Some of the restaurants have food that is fairly mediocre or just o.k. (meaning uninspiring & average; not bad tasting or inedible) but they are good in a pinch, have great locations and will not terrify your mid-western guests. Coi, Orson or even Spruce would be too intimidating for many of them. Remember this post is for a non-foodie, middle American demographic. I have successfully entertained many non-foodie baby boomer and depression era relatives with these options. What that actually says about me is too terrifying to contemplate, so we'll move on.

Here are some of my recommendations and the links to their websites in no particular order of preference:

  1. Cheesecake Factory: Huge menu, chain restaurant with edible food good for kids, views of Union Square with outdoor seating (killer wait at peak times; not good for the impatient)
  2. Cliff House: Huge menu, edible food that's especially good for breakfast, views of the Pacific Ocean, &, sometimes, surfer dudes
  3. Izzy's Steakhouse: Huge portions, edible food with Izzy's cheesy potatoes always a good side , views of Marina Yuppies
  4. Fog City Diner: Huge booths, edible food, site of an '80's Visa commercial
  5. Il Fornaio: Huge Italian menu, edible food for a chain, views of Levi Plaza with an outdoor garden room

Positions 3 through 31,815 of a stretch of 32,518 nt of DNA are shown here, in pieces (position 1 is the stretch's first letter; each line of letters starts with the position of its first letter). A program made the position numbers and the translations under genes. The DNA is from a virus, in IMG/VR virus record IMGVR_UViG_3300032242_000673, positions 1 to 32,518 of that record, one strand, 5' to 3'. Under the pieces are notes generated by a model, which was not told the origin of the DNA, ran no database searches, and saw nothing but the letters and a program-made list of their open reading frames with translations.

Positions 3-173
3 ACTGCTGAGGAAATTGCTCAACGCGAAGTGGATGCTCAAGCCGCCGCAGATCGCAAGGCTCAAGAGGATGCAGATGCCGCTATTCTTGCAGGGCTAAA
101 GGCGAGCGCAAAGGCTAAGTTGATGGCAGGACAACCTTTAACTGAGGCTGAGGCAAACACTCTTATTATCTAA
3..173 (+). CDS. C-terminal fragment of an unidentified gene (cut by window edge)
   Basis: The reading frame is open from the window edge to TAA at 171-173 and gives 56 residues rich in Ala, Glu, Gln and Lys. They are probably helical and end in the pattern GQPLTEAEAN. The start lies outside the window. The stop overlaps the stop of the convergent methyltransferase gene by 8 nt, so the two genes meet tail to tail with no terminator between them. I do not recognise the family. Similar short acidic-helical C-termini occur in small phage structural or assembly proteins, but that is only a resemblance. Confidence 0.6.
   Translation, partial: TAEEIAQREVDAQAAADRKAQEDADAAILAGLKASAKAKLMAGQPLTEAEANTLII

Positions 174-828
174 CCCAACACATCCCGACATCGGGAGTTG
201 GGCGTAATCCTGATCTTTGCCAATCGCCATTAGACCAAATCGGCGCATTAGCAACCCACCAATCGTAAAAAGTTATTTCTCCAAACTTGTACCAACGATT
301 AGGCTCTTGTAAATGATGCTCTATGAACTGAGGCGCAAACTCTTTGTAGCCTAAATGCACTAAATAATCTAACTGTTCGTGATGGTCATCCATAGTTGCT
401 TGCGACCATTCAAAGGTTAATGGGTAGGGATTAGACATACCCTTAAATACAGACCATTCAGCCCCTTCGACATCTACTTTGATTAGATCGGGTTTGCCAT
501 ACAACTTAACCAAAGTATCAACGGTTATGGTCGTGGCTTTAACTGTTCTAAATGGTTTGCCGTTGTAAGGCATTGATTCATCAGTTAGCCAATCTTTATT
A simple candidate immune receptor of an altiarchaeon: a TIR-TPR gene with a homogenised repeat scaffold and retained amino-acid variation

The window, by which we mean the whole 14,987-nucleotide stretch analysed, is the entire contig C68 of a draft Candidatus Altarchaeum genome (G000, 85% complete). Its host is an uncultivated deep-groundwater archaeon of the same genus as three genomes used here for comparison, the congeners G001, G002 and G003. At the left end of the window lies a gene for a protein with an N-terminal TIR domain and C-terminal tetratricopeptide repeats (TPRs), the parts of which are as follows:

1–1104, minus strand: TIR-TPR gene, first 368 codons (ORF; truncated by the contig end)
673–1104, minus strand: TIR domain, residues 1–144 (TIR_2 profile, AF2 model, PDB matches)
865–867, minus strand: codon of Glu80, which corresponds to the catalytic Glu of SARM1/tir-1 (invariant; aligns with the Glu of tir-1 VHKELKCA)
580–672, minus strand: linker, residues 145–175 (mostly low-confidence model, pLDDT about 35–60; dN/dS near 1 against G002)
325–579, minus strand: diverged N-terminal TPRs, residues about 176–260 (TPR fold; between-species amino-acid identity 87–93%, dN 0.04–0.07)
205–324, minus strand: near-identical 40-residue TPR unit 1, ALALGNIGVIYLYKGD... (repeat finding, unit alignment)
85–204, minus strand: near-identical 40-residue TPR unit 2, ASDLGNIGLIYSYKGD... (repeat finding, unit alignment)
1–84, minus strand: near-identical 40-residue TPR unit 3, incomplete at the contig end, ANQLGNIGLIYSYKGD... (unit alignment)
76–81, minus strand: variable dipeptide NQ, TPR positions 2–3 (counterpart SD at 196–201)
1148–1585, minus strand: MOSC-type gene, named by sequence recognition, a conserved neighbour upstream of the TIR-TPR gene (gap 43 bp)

6. In-N-Out Burger: For better or worse, it's become synonymous with California if your guests are of a certain age (under 20) & it's on Fisherman's Wharf, you'll be killing two birds with one stone. Be sure to visit the sea lions on Pier 39 and pass by the "Bush Man" if you want to give your mother-in-law a coronary incident.
  7. Mamacita: Likely to be one of the only restaurants you'll really love on the list, huge pitchers of Margaritas, great Mexican food and so loud you'll never hear your stepmother complain about the noise, the spicy food or anything else. Every Eastcoaster I know wants to try "real" Mexican food. This will satisfy their Mexican jones & finally give you something yummy too.
  8. Waterbar: Amazing views, pretty room, good service. Excellent classic seafood restaurant to take the parents or in-laws. Few palates will be displeased. The food is fresh, simple and straight forward and they'll get a kick out of all the little Kuleto flourishes like the floor to ceiling aquarium columns.
  9. The Rotunda at Neiman Marcus: Ladies who shop lunch place; food underwhelming but solid classic American. The amuse of chicken consomme & fresh hot popovers with strawberry butter are bound to please mom or auntie. They always love that stained glass dome, too.
  10. Yank Sing: Dim Sum is always a fun experience for newbies and Yank Sing has a huge variety of it. It's off Market but you could still incorporate a jaunt through Union Square to Chinatown to walk off the calories. They'll be too tired from food and walking to hang around Chinatown shops for too long and you can check another thing off the list.
  11. Sam's Anchor Cafe: Every tour of San Francisco winds up with a drive over the Golden Gate Bridge. Keep on going until you get to Tiburon & drive to Blackie's Pasture, park the car, take a look at the bronzed Blackie (a horse) and walk to Sam's if your guests are energetic. It's a beautiful walk & Sam's has great outdoor seating on the Marina with stellar views and decent chow. Then you can avoid all those silly shops in Sausalito that guests spend hours traipsing through but never buy anything from.